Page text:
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Good afternoon: Today's PM — edited by Justin Green — is 440 words, a 2-minute read.

Scoop: An internal memo on cybersecurity, obtained by Axios' Alexi McCammond, warns that "the White House is posturing itself to be electronically compromised once again." Read it.

1 big thing: Showdown at the classified corral

Photo: Alex Wroblewski/Getty Images

About 30 House Republicans attempted to force entry today into a closed-door impeachment hearing, violating decorum and forcing police to conduct a sweep for possible security breaches, Axios' Zachary Basu reports.

Why it matters: This standoff was a byproduct of Republican frustrations at the impeachment inquiry, which is being driven by the House Intelligence, Oversight and Foreign Affairs committees.

  • The Republicans are protesting a lack of transparency in the impeachment process, alleging that the inquiry is not legitimate because a full House vote has not been held.

Rep. Matt Gaetz (R-Fla.) tweeted that he was inside the House Intelligence Committee's Sensitive Compartmented Information Facility (SCIF):

  • "BREAKING: I led over 30 of my colleagues into the SCIF where Adam Schiff is holding secret impeachment depositions. Still inside - more details to come.” (He later tweeted that the tweet was sent by staff.)

Reality check: Closed-door hearings are routine for committees, which include both Republicans and Democrats.

  • As former Rep. Trey Gowdy told former Rep. Darrell Issa when barring him from a Benghazi hearing in 2015, non-committee members aren't allowed, and "those are the rules and we have to follow them, no exceptions made."

The bottom line: Laura Cooper, deputy assistant secretary of defense, was scheduled to testify in the impeachment inquiry into President Trump and Ukraine.

  • That hearing was delayed 5 hours.
Bonus: Pic du jour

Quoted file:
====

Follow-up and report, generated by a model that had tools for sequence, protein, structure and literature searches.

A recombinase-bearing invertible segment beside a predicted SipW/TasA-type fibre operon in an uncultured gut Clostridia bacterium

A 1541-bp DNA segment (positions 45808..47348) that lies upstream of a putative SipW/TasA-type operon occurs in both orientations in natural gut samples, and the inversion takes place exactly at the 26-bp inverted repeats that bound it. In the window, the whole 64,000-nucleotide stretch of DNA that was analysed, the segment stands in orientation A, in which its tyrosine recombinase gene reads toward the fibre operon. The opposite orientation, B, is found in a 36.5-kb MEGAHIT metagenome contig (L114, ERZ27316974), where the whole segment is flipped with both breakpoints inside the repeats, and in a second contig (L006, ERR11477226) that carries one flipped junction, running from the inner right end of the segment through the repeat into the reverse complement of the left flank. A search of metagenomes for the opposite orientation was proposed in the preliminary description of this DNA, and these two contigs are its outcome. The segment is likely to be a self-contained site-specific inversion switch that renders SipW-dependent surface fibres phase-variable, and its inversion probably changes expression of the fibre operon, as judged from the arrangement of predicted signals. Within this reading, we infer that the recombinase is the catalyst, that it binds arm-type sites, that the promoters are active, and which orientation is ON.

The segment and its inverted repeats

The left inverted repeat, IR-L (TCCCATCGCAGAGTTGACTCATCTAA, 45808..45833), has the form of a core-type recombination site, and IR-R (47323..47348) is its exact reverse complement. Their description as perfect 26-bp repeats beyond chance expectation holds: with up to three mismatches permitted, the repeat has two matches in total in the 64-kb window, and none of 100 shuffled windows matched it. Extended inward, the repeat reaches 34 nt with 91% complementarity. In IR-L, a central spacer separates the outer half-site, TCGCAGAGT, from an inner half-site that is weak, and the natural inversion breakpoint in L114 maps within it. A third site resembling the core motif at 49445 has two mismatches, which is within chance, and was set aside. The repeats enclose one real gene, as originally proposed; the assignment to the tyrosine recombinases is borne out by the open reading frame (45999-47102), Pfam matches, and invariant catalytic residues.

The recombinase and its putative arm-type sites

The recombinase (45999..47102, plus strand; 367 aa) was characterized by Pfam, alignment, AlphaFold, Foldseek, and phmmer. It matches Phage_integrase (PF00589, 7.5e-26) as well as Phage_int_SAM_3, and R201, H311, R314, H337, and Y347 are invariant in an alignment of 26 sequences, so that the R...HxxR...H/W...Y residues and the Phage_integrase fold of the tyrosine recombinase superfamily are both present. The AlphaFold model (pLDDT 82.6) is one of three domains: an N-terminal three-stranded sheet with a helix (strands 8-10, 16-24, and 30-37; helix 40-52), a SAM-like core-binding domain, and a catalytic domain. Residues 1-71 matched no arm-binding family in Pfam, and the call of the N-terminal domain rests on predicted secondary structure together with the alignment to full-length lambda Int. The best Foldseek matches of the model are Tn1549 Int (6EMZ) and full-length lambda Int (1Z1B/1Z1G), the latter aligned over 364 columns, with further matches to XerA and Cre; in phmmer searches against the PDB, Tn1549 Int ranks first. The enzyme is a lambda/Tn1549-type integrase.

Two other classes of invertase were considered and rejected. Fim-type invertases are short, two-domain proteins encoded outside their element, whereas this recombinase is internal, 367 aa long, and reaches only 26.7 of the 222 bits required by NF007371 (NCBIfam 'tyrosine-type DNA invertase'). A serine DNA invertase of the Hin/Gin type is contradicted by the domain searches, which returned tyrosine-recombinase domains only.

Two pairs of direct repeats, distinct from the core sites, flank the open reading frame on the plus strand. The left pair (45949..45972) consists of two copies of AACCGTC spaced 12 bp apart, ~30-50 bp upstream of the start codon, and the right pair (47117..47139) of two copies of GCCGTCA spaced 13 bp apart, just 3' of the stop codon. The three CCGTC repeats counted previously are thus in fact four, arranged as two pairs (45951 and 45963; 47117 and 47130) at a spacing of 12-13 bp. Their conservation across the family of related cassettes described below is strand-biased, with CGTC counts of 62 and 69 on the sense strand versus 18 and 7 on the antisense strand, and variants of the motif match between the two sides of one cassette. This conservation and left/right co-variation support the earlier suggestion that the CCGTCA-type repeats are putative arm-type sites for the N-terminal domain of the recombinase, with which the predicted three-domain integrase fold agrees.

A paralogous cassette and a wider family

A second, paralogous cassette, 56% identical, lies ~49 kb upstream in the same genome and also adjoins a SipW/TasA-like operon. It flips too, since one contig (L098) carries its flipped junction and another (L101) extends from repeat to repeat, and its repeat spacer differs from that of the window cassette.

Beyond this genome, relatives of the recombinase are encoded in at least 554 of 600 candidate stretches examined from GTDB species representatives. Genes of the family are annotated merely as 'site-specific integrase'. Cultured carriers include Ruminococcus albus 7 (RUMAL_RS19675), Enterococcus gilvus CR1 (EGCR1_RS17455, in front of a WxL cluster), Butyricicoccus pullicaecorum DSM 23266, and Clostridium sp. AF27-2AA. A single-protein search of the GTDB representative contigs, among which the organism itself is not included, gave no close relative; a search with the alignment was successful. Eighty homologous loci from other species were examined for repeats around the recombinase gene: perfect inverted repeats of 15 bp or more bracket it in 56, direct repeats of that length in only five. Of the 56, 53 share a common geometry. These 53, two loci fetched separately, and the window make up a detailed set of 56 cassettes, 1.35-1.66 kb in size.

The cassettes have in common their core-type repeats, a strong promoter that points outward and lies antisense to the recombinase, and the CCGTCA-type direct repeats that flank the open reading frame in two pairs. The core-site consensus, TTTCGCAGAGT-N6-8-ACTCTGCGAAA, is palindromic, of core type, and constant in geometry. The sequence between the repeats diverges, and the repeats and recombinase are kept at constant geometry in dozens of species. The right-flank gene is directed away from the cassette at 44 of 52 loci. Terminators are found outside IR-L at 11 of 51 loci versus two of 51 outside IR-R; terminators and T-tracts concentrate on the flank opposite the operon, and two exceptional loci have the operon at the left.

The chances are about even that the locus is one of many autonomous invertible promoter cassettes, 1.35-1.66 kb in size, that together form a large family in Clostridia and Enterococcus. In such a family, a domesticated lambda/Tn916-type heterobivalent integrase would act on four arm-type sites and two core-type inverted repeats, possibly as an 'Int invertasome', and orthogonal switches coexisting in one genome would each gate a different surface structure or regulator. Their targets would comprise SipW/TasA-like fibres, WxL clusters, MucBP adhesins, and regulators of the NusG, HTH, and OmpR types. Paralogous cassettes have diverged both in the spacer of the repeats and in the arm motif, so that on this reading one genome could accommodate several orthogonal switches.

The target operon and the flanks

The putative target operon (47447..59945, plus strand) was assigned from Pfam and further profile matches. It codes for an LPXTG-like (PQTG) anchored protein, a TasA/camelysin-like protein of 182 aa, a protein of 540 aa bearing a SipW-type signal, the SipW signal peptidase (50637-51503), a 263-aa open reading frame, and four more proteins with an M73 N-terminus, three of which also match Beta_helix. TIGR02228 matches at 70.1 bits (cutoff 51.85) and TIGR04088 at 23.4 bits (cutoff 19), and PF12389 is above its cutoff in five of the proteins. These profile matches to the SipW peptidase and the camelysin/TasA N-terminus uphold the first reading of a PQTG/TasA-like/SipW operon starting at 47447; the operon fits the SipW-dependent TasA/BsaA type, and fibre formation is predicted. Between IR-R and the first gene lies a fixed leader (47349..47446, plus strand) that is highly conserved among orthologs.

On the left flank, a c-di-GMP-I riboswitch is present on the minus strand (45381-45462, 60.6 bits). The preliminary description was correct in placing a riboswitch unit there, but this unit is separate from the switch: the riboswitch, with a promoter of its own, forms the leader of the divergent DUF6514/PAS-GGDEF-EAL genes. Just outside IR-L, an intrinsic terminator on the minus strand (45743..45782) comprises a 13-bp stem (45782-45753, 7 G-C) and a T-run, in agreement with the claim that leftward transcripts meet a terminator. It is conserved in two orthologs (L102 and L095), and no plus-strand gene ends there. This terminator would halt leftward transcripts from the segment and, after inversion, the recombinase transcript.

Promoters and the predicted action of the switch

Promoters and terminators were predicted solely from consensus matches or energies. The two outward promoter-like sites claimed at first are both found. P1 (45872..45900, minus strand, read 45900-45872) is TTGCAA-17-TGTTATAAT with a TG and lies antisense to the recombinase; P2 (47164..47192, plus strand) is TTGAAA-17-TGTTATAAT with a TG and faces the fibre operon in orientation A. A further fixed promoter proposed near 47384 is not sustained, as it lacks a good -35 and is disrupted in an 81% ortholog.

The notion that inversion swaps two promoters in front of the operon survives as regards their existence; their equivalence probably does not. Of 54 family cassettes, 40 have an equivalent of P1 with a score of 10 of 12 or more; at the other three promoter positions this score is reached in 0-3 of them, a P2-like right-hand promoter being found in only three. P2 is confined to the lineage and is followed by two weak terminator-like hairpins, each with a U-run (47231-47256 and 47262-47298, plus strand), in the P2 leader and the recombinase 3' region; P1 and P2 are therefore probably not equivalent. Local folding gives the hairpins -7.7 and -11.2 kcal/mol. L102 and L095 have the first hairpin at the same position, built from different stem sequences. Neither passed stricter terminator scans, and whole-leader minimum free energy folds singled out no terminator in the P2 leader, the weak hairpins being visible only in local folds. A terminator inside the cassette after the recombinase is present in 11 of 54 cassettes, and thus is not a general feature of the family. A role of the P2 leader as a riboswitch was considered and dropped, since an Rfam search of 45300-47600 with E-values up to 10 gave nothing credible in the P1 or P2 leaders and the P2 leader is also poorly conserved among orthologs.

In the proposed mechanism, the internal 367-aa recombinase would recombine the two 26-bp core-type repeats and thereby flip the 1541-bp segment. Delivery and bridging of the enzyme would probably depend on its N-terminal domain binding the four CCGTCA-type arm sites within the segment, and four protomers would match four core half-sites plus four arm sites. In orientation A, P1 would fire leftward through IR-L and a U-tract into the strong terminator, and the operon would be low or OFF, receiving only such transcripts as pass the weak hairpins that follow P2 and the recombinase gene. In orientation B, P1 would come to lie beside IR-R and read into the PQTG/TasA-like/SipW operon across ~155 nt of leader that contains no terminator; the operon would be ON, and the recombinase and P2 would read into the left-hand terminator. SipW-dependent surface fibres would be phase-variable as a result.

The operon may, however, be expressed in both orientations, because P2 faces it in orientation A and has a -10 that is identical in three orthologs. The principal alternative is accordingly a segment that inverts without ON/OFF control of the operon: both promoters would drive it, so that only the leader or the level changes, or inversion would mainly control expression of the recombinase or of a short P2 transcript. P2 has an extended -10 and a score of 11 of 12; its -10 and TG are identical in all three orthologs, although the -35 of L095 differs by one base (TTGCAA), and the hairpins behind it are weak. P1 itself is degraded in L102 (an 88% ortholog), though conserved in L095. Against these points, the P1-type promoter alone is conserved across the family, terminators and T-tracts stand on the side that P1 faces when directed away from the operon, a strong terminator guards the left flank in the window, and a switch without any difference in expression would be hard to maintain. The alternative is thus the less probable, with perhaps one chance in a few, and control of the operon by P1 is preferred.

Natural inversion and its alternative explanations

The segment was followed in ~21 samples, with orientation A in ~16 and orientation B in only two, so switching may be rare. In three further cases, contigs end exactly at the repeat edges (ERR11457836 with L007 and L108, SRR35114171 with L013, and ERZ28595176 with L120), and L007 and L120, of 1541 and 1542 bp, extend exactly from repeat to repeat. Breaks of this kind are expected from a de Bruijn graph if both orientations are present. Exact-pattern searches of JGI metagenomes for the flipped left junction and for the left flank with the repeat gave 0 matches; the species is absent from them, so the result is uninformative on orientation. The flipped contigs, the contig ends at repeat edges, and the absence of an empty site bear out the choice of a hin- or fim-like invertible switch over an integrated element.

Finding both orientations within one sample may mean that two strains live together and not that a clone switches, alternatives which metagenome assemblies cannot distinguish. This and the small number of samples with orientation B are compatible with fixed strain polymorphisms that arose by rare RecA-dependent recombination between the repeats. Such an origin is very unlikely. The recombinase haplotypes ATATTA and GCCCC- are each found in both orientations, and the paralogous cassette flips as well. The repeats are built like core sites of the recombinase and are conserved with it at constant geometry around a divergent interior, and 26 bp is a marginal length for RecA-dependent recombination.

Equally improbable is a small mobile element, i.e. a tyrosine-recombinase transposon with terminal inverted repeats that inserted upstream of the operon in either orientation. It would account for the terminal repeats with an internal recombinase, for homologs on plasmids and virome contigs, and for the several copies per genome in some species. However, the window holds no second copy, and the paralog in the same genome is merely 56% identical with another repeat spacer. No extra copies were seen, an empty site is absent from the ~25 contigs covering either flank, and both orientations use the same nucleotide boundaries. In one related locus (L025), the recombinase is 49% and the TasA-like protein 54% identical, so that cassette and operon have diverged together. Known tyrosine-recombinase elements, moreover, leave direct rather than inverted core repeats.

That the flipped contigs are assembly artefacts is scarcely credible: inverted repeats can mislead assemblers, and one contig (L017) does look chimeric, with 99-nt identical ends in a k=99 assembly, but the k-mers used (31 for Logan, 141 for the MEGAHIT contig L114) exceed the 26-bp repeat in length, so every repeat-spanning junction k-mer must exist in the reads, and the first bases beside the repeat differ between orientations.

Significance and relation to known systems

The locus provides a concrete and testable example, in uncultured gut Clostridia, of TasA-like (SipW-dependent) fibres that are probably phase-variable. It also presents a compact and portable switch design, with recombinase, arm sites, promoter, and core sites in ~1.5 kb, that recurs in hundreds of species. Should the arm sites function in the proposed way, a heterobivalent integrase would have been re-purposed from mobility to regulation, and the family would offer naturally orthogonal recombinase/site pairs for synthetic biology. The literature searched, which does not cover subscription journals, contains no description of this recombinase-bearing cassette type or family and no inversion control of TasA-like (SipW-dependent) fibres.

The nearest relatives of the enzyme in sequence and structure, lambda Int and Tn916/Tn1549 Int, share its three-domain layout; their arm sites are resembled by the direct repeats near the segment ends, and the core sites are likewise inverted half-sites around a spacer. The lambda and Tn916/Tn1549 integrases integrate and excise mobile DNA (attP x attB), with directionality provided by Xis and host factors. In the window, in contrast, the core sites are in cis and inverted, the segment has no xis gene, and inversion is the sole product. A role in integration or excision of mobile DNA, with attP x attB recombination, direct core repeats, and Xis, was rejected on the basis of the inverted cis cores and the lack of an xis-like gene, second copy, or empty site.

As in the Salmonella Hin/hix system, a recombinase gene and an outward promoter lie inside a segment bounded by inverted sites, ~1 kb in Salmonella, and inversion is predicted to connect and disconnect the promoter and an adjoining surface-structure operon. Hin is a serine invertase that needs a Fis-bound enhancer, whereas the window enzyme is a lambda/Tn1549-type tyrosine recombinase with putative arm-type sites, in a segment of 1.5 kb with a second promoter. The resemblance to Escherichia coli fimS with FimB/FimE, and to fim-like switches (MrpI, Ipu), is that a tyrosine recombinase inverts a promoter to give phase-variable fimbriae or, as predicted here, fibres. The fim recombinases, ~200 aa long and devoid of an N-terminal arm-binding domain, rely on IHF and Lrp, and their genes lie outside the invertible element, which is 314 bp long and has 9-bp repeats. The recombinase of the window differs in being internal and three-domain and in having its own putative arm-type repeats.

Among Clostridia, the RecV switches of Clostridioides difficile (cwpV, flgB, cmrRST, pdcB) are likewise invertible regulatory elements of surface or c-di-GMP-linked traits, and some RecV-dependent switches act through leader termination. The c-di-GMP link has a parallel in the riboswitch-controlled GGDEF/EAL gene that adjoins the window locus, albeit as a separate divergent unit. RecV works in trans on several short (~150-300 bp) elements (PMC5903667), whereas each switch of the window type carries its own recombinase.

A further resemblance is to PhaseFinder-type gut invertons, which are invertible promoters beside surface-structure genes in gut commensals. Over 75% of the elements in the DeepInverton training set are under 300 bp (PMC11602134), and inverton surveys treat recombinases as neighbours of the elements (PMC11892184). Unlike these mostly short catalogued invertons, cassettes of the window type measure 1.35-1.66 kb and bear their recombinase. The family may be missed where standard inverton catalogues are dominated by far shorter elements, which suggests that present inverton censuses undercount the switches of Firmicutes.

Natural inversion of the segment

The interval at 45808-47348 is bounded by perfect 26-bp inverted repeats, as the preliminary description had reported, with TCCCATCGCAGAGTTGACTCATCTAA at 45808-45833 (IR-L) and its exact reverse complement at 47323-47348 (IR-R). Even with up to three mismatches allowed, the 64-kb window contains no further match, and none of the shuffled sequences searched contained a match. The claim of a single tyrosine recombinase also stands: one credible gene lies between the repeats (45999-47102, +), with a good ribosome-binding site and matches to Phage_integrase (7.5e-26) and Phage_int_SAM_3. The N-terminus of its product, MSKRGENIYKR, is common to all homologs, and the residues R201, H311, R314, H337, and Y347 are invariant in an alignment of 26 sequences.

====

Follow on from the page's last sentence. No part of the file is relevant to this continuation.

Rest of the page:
Photo: Scott Heins/Getty Images

Thousands of demonstrators take to the streets in a show of support for the ongoing teachers strike in Chicago.

  • Union teachers and school staff members are demanding more funding from the city in order to lower class sizes, hire more support staff and build new affordable housing for the 16,000 Chicago Public Schools students whose families are homeless.
2. What you missed
  1. Trump gave a triumphant statement from the White House, claiming despite widespread criticism that while his decision to withdraw troops from northern Syria led to a "short-term outburst," it resulted in a "great outcome." Video.
  2. A pair of anonymously sourced reports indicate the Ukrainian government felt pressure from the Trump administration to pursue investigations into the president's political rivals in the U.S. earlier than previously known. Go deeper.
  3. The Trump administration sued the state of California to cease its emissions trading market, arguing it's unconstitutional for the Canadian province of Quebec to be its partner. Go deeper.
  4. Scoop: The big names headed to Saudi Arabia's "Davos in the Desert" — hosted by the regime that murdered Jamal Khashoggi — include Jared Kushner and Steven Mnuchin, a long list of prominent financiers and Masayoshi Son of SoftBank. Go deeper.
  5. Facebook CEO Mark Zuckerberg took heat from Congress over misinformation, privacy, discrimination, Trump, and even the topic of the House Financial Services Committee hearing, which was Facebook’s cyptocurrency project. Go deeper.
3. 1 fun thing

Photo: Alain Jocard/AFP/Getty Images

Google has reportedly achieved a milestone by using quantum computers to solve a calculation in mere minutes that current machines could not complete in thousands of years, Axios' Jacob Knutson reports.

  • Why it matters: "Quantum supremacy," the achievement Google is touting, would represent a big but early step toward reliable quantum computers that could solve some currently intractable problems.

Go deeper.